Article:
The schools consolidation planning commission will consider at its Thursday, April 12, meeting a plan to keep all children in the merged school system attending the schools they attend now, at least through the second year of the merger – the 2014-2015 school year.
The plan would not apply to schools that are closed for low enrollment or to areas within separate municipal school districts if such districts are formed. Municipal school districts would have their own elected school boards.
The attendance zone freeze is part of a set of recommendations the group will consider including combining the existing transfer policies of the now separate city and county school systems. The merged school system would also have a goal of allowing students to transfer to another school for any reason as long as the school they want to attend has available space.
The recommendation from the planning commission’s administrative organization and governance committee also calls for the school system to work with leaders of charter schools to develop a “centralized enrollment system” for charter schools.
The planning commission will also discuss a more specific organizational chart developed since it approved in March the general idea of a decentralized system with six regions and multiple ways for schools of all kinds to operate with more autonomy.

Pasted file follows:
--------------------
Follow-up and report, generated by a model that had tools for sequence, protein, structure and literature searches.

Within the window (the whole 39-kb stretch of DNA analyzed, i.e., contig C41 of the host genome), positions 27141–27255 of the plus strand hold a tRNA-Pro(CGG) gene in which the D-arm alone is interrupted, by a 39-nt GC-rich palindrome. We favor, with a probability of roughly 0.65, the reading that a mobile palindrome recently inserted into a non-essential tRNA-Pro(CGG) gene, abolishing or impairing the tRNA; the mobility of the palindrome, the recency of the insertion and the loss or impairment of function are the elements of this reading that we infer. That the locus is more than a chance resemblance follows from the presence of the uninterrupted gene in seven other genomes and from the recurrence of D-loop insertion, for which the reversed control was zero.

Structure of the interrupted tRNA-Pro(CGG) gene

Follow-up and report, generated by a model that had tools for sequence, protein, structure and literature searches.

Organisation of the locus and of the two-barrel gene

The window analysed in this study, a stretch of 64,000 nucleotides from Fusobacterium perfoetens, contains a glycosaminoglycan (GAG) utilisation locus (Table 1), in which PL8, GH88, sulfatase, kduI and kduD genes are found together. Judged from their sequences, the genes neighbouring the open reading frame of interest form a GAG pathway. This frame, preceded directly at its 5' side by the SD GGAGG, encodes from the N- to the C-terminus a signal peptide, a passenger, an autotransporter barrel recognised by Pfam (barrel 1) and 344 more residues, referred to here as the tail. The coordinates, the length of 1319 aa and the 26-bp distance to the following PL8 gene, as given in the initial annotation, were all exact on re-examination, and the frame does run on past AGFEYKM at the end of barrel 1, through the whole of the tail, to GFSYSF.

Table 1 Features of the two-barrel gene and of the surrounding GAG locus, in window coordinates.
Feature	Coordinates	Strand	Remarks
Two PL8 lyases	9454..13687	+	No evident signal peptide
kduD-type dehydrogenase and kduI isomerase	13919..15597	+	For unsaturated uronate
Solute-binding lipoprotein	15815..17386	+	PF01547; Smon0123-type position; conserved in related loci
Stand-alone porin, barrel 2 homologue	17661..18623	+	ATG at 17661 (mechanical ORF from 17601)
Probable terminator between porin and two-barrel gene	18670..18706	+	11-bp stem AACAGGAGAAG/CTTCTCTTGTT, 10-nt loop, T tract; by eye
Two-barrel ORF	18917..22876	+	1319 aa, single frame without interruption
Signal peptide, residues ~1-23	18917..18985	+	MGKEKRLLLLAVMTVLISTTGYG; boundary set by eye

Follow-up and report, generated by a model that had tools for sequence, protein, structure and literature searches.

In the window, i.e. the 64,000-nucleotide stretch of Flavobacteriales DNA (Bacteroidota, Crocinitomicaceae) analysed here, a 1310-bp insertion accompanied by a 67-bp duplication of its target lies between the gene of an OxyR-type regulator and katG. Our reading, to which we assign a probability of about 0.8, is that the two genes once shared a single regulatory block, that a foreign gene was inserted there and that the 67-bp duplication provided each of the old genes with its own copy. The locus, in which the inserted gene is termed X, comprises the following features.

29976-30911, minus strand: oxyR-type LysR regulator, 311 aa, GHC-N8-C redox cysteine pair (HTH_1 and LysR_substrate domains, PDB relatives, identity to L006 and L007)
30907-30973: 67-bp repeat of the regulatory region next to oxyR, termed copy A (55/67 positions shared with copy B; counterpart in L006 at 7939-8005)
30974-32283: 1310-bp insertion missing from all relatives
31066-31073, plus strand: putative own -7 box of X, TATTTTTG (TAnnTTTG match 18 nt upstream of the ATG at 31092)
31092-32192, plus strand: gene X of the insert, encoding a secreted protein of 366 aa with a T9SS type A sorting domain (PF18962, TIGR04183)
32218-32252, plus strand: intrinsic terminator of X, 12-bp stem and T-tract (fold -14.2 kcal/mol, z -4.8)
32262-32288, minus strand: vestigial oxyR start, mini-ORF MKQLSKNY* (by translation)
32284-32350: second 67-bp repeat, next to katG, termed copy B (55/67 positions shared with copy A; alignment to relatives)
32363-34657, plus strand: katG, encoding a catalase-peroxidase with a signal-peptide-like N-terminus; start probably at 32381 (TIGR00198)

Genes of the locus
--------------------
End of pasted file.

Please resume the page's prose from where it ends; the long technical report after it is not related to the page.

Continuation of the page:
There would be eight chiefs who report directly to the superintendent.
They include a chief of staff, a chief academic officer, a chief innovation officer, a chief human capital officer, a chief financial officer, a chief services officer and a chief communications officer.
The Memphis City Schools superintendent currently has nine people who report directly to him. The Shelby County Schools superintendent has eight.
While the numbers are close, the functions aren’t. Every part of the schools structure, even apart from charter schools and state-run or supervised schools in the Achievement School District, would include options for schools to seek more autonomy.
The innovation office would have nine positions, not including administrative staff, who work with the chief innovation officer. That includes a director of charter schools, and a ”regional” superintendent of innovation zone schools – low-performing schools not yet part of the state-run and -supervised Achievement School District.
One of the goals of the innovation office in the proposal is to ensure “all types of schools – charter, Innovation Zone, optional and community schools – have access to innovative approaches.” The innovation office would also be the contact for schools with more autonomy who want to contract with the countywide school system for services including building maintenance and transportation.
The six regional superintendents who oversee six geographic regions would each have three staff positions including a director of instructional support.
The regional leaders would work primarily with school principals in their regions, evaluating them and serving as the front line of new district initiatives as well as professional development for principals. They would also oversee school feeder patterns within the region to take a larger view of students as they move from elementary to middle to high school.
The six regional superintendents would report to the chief academic officer.